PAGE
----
What to do when a Mac won't boot to Safe Mode

If your system hangs when going into Safe Mode, or will not load into Safe Mode at all, there are a couple of things you can do to fix the situation.


If your Mac is experiencing problems running, one step for determining the problem is to boot the system into Safe Mode, which is a limited environment that only loads Apple-provided software for basic functionality. To get into Safe Mode you simply restart your Mac with the Shift key held; however, in some cases this will not work and the computer may simply boot normally or experience a problem and hang without booting at all.

The inability to boot into Safe Mode may happen because the system is configured with encryption or other security settings that prevent booting to such modes, because of nuances with how wireless keyboards pass boot arguments to the system, or because of errors in the file system.

FileVault system preferences
FileVault in OS X 10.7 "Lion" or later will prevent booting to Safe Mode. Screenshot by Topher Kessler/CNET

Security settings
Some security settings in OS X may contribute to the inability to boot to Safe Mode. If you have Apple's FileVault disk encryption technology enabled, or if you have a firmware password set on your system, then the computer will not boot to Safe Mode. To enter Safe Mode, you must first disable these options. FileVault can be disabled in the Security system preferences using the FileVault tab, but the firmware password must be disabled using the Firmware Password utility that is available in the Utilities menu in the OS X installer (You can get to this in OS X Lion and later by holding Command-R at startup).

Wireless keyboards
A second potential issue that prevents Safe Mode from working is if you have a wireless keyboard. While many instructions suggest that you hold the Shift key at startup to get to Safe Mode, the system's Bluetooth controllers will only activate after the startup chimes sound, so if the key is held before this, the key press will not be recognized. Instead, if you have a wireless keyboard be sure to press and hold the Shift key after the boot chimes sound.

In addition to the timing of the key press, be sure to check your keyboard's battery level and replace the batteries if they are low.

File system errors
A final issue that may prevent booting to Safe Mode is if there are problems with the boot drive's file system structure. The HFS+ format includes a several indexing databases that hold information on where files are on the disk, and various attributes about them. When you run a file system check with Disk Utility, you will see them listed as the Catalog file, the Extents file, and Extended Attributes file, among others.

When the system boots to Safe Mode it will show a gray progress bar that indicates various maintenance tasks are being run at startup. One of these tasks is a filesystem check on file systems structure using the tool "fsck_hfs," but if a problem occurs that prevents the tool from checking then it may hang and result in the system only loading to the gray screen with the Apple and a progress bar below it.

Unfortunately it is a bit difficult to see if this is the case when the system is only displaying a gray progress bar; however, you can force the system to show you what is going on by having it boot to both Safe and Verbose modes at the same time. To do so, open the Terminal utility and run the following command. In this command I've used "Safe-Verbose" mode, but you can replace the "v" with an "s" to tell it to use "Single User" mode instead (they should be equivalent for this purpose):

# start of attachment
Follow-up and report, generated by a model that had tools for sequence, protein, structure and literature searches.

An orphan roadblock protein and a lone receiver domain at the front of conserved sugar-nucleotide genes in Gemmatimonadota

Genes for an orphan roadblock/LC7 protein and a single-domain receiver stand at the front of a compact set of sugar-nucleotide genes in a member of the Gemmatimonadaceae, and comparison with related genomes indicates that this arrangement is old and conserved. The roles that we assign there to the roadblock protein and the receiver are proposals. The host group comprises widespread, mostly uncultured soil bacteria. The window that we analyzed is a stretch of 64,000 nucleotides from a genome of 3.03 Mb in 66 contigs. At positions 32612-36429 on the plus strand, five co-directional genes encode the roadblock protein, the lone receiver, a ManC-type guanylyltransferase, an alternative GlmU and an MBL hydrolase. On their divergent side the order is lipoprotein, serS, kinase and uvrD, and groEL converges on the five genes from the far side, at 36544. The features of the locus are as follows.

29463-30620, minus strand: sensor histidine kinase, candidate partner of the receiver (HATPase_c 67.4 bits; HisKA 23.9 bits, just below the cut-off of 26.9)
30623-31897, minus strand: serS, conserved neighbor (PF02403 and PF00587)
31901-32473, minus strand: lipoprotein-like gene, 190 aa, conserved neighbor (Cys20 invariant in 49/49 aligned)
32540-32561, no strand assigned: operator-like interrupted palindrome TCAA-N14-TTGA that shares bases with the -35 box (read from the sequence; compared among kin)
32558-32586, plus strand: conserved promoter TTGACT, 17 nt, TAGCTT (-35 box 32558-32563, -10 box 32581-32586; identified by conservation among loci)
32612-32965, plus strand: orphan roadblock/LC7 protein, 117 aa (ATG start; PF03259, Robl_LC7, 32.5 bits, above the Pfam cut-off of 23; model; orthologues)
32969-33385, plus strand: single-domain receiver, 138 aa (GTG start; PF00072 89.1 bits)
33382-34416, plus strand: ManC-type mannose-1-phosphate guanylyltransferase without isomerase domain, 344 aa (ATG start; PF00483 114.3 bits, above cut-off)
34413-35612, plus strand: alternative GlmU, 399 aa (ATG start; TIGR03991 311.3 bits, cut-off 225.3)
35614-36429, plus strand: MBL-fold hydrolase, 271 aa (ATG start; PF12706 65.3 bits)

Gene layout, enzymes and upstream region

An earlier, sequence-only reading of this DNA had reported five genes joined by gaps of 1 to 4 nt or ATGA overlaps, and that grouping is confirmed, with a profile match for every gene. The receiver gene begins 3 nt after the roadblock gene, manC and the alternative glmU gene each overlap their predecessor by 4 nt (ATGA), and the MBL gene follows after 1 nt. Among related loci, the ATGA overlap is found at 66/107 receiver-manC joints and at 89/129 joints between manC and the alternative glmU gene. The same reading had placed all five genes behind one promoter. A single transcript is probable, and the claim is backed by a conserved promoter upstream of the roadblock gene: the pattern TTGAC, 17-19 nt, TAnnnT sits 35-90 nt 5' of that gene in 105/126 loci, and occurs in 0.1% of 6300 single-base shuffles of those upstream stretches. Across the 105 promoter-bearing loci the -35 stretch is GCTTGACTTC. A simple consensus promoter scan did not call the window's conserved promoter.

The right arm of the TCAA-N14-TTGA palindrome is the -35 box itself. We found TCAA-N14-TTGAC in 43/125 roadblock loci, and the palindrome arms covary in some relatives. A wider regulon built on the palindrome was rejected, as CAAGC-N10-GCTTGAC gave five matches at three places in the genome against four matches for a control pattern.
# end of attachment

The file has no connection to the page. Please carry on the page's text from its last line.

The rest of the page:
sudo nvram boot-args="-v -x"

Partition Tab in Disk Utility
With the disk device selected, the Partition tab will be available; you can use it to repartition the disk and format it. Screenshot by Topher Kessler/CNET

With this command run, reboot the system and you will see it load into a text environment with the most recent events happening at the bottom and the history of events scrolling upward. The system should at some point load a routine called "fsck_hfs," so look for it (this should happen relatively quickly, and then pause on this process for a few seconds while it checks the file system structure files mentioned above). This process should only take a couple of minutes, but if it does not progress after an extended period of time, then it is not able to check the disk for errors and is hung up, which is the cause for the inability to boot to Safe Mode.

If this is the case, hold the power button to hard-reset the system, followed by holding the Command-Option-P-R keys at startup (immediately after the boot chimes) to have the system clear the PRAM so it will load normally instead of in Safe-Verbose mode (release these keys after the system automatically resets and sounds the boot chime again). Now the fix for the issue is a matter of clearing the problem with the filesystem structure. While sometimes third-party tools like DiskWarrior have been known to find and correct errors that Disk Utility cannot fix, an alternative approach is to simply reformat the hard drive.

First be sure you have a fully restorable backup of your system, which can be done by using Time Machine or by creating a file-level clone of your drive with a tool like Carbon Copy Cloner. Then boot to the OS X installer (the Recovery HD drive in OS X Lion or later) and use Disk Utility there to partition and format the drive. Select the drive device (above the volume names like "Macintosh HD") and choose "1 Partition" from the drop-down menu in the Partition tab that appears. Name the drive and apply the changes to format it, and then exit Disk Utility and proceed with restoring your backup to the drive.

After the system is back up and running on the freshly formatted drive you should be able to boot to Safe Mode again.

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